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How do Koreans greet strangers?


Koreans have a unique way of greeting strangers that may seem different from other cultures. Understanding how Koreans greet strangers is essential, especially for those who are planning to visit or live in Korea.

The Importance of Greetings in Korean Culture

Greetings play a significant role in Korean culture, as they reflect respect, politeness, and social harmony. Koreans believe that a proper greeting can set the tone for any interaction and can create a positive impression.


Bowing is a common way of greeting in Korea. It is a sign of respect and appreciation. The depth of the bow depends on the age, social status, and relationship with the person being greeted.


Handshakes are also becoming more common in Korea, especially in business settings. However, it is still not as prevalent as bowing.

Eye Contact

Eye contact is crucial when greeting someone in Korea. Avoiding eye contact may be interpreted as disrespect or lack of interest.

Verbal Greetings

Verbal greetings such as 안녕하세요 (annyeonghaseyo) or 안녕 (annyeong) are commonly used when greeting strangers. These phrases mean “hello” or “hi” in English.

Title Usage

Using titles such as 씨 (ssi) or 선생님 (seonsaengnim) when addressing someone shows respect in Korean culture. 씨 (ssi) is used for someone who is the same age or younger, while 선생님 (seonsaengnim) is used for someone who is older or has a higher social status.

Gift Giving

Gift giving is a common practice in Korea when meeting someone for the first time. It is a sign of respect and appreciation. Gifts such as fruit, snacks, or flowers are appropriate.

Body Language

Body language is also essential when greeting someone in Korea. Maintaining good posture, avoiding slouching, and keeping your hands at your side are all signs of respect.

Cultural Differences

Koreans may greet strangers differently depending on their cultural background. For example, Koreans may bow more deeply to Japanese people because of their history and cultural ties.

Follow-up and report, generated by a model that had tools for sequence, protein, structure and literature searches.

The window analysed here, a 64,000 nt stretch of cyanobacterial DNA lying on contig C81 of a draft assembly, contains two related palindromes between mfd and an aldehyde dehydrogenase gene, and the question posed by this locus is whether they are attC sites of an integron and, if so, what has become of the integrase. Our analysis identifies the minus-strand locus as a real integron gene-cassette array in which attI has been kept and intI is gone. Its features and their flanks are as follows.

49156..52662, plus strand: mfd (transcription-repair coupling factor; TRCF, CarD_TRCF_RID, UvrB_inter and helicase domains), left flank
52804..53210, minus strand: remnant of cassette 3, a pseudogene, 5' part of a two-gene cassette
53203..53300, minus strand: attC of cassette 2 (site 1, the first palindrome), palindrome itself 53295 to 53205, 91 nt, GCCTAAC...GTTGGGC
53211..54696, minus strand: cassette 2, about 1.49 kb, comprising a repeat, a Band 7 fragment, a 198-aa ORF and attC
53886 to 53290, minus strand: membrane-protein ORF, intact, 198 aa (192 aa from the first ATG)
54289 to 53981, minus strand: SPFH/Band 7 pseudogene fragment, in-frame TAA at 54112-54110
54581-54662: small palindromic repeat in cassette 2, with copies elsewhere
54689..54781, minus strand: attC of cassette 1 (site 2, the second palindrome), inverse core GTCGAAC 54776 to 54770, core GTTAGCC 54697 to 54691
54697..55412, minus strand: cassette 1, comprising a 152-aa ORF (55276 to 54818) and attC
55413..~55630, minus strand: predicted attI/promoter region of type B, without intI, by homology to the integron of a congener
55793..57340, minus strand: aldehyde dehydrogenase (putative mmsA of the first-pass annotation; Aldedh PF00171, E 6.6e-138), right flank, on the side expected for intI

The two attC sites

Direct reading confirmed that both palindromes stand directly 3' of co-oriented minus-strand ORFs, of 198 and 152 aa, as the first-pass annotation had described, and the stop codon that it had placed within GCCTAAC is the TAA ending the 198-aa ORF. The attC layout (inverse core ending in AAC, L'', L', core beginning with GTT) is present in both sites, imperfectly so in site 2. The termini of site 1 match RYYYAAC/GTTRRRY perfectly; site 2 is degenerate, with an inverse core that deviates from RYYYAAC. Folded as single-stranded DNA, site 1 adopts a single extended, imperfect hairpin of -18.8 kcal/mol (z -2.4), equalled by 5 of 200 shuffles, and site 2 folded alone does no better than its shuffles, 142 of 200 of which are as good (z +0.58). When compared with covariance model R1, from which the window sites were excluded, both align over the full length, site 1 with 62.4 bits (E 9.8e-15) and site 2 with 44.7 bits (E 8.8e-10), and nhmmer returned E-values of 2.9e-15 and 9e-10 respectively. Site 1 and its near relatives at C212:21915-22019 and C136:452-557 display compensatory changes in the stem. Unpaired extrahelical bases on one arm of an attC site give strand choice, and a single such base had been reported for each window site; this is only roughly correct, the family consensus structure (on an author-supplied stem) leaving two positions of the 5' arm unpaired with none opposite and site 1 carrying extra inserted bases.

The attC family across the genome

Mistakes to Avoid

Some common mistakes to avoid when greeting Koreans include not bowing properly, not making eye contact, and not using proper titles.


In conclusion, understanding how Koreans greet strangers is crucial for anyone interacting with Korean culture. By following these guidelines, you can show respect and create a positive impression when meeting someone for the first time in Korea.

How do people react to strangers in South Korea?

On busy streets, people anticipate encounters with strangers and are not concerned when their personal space is breached, so they do not apologize. Additionally, instead of using their index finger, people typically use their entire hand when pointing.

Is it rude to smile at strangers in Korea?

In bars, it is common for people to strike up conversations with strangers, but in Korean culture, it is not typical to greet or smile at strangers passing by. If a Korean were to make eye contact with a stranger and initiate a greeting or smile, the stranger may either ignore, be confused, or have a look of unfamiliarity on their face. This cultural difference is notable.

What do Koreans find offensive?

When interacting in Korea, it is important to avoid physical contact such as touching, patting or back slapping. Direct eye contact between younger and older individuals should also be avoided as it may be considered disrespectful or confrontational. Korea is known for its homogenous population in terms of race and language.

Is eye contact rude in Korea?

In Korean culture, it is considered impolite to maintain eye contact while conversing, particularly if someone of higher status or age is scolding or reprimanding you. Unlike some other cultures where eye contact is an important aspect of non-verbal communication, it does not hold the same significance in Korean culture.

What is considered flirting in Korea?

In Korean culture, flirting is similar to what you may see in Korean dramas. People use endearing and charming phrases to win over the person they are interested in, as well as showcase their playful and cute side through aegyo, or acting cute.

Is it rude to hug in Korean?

In Korea, it is considered impolite to hug someone you don’t know, and it can make the other person feel uncomfortable, especially in public. Physical closeness is usually reserved for close friends and family. Once you have established a friendship with someone in Korea, you can decide on your own boundaries.

It’s also important to note that the level of formality in greetings may vary depending on the situation. For example, in a business setting, it’s more common to use formal language and titles. In a casual setting, informal language and gestures may be more appropriate.

When meeting someone for the first time, it’s also a good idea to wait for them to initiate the greeting. This shows respect for their personal space and allows them to feel comfortable in the interaction.

It’s worth noting that physical touch is not as common in Korean greetings as it may be in other cultures. Hugging or kissing on the cheek is not a typical way of greeting someone, especially if they are a stranger.

Finally, it’s important to approach every interaction with an open mind and willingness to learn. Cultural differences should be embraced and celebrated, not judged or dismissed. By showing respect and interest in Korean culture, you can create meaningful connections and experiences.

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